What LaBour had written was less record review than conspiracy-age fable. He related in detail how the accident had been covered up and a look-alike found to replace the dead musician—not as a rumor, but as if it were fact. The mysterious clues were held to be part of a strange and disturbing plot orchestrated by John Lennon, who had it in mind to found a new religion with himself as god and the "reborn" McCartney a Christ-like figure at his side.
LaBour's story electrified the campus. The Daily sold out its entire run by mid-morning, and a second printing was ordered to meet demand. "I remember walking down Ann Arbor streets hearing Beatles music from every single apartment and house," LaBour says. He also recalls occasionally hearing someone trying to play a record backwards—listening for clues.
Indeed, the enigmatic clues seemed to draw most people into the rumor's web—and LaBour's article contained an abundance of evidence for clue-hungry readers to digest.
For instance, the inside cover of "Sgt. Pepper's Lonely Hearts Club Band" features a photo in which McCartney is wearing an arm patch that seems to read O.P.D.—according to LaBour, an abbreviation for "Officially Pronounced Dead," the British equivalent of DOA. On the album's back cover is a photo in which McCartney is the only one of the Beatles facing away from the camera.
LaBour also pointed out that on the front cover of "Abbey Road" McCartney is barefoot, signifying death because that is how corpses are buried. Furthermore, in the photo Paul holds a cigarette in his right hand, whereas the "real" McCartney is left-handed.
Then there were the now-famous clues to be found by playing certain songs backwards. When reversed, "Revolution 9" reveals something that sounds eerily like "Turn me on, dead man," while from the outro of "I Am the Walrus" seems to emerge a creepy chorus of "Ha ha! Paul is dead."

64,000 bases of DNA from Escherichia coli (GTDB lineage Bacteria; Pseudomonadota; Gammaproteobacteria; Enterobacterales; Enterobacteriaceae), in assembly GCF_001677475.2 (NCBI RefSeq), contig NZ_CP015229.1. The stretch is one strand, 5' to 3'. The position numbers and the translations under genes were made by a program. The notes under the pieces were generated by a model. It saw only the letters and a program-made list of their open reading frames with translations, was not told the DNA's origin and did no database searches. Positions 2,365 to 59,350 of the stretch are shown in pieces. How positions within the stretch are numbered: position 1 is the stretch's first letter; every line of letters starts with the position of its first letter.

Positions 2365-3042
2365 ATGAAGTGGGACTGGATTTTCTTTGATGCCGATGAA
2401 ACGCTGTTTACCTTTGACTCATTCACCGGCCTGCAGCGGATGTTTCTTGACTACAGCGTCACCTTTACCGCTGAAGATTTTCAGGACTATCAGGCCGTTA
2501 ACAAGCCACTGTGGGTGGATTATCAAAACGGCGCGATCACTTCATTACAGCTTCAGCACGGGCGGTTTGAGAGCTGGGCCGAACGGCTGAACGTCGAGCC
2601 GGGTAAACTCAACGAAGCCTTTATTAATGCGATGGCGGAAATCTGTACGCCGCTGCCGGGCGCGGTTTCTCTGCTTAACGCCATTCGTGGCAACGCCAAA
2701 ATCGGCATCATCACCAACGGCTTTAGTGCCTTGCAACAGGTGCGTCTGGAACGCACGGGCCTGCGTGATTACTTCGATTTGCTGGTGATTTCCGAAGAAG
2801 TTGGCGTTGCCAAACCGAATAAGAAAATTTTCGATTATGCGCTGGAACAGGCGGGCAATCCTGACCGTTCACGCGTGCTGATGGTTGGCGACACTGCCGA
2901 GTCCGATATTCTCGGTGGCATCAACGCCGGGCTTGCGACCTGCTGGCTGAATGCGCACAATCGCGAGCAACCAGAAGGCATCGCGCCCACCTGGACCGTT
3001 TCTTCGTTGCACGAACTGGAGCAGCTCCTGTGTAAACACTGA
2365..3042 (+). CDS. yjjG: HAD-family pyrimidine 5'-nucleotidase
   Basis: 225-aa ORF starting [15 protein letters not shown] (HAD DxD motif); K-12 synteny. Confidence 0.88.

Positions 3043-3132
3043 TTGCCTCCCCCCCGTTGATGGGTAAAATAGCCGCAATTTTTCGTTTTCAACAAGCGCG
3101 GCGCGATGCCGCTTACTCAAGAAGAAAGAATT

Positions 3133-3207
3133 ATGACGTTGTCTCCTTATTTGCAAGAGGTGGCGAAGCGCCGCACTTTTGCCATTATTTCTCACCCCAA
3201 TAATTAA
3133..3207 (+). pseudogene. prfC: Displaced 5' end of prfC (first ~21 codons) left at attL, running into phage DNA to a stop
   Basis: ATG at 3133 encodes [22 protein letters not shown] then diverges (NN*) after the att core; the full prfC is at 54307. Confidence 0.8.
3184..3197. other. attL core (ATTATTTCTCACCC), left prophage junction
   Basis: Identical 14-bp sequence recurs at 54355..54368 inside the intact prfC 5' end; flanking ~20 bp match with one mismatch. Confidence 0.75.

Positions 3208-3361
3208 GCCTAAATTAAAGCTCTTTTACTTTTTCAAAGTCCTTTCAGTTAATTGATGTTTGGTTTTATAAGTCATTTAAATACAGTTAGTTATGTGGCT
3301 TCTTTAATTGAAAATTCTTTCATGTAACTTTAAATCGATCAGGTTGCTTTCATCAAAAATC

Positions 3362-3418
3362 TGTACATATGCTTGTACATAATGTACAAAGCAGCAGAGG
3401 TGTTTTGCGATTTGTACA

"I cannot tell you how many times I listened to those records backwards," says actress Christine Lahti ("Chicago Hope"), who in the fall of 1969 was a nineteen-year-old U-M theater student. Dubious at first, after many repetitions—and the encouragement of friends—she found herself more willing to believe. "After a point you started to hear it," she explains, "just by the power of suggestion."
Lahti suspects that this Rorschach-like nature of the clues accounts for much of the rumor's appeal. "It might also have had something to do with the mind-altering drugs that many people were involved with," she adds with a laugh.
Filmmaker Ric Burns ("New York: A Documentary Film"), then a teenaged Beatlemaniac attending Ann Arbor's Pioneer High School, remembers spending hours hunting for clues and debating the rumor with friends. Like Lahti, he believes that a major part of the attraction was the ambiguity of the purported evidence.
"It was not some 'x-marks-the-spot' clue," Burns explains. "You could sort of hear it, but you couldn't. It was like you were seeing the tip of the iceberg of a larger reality."
But most people did not realize that many of the clues were nothing more than a college prank.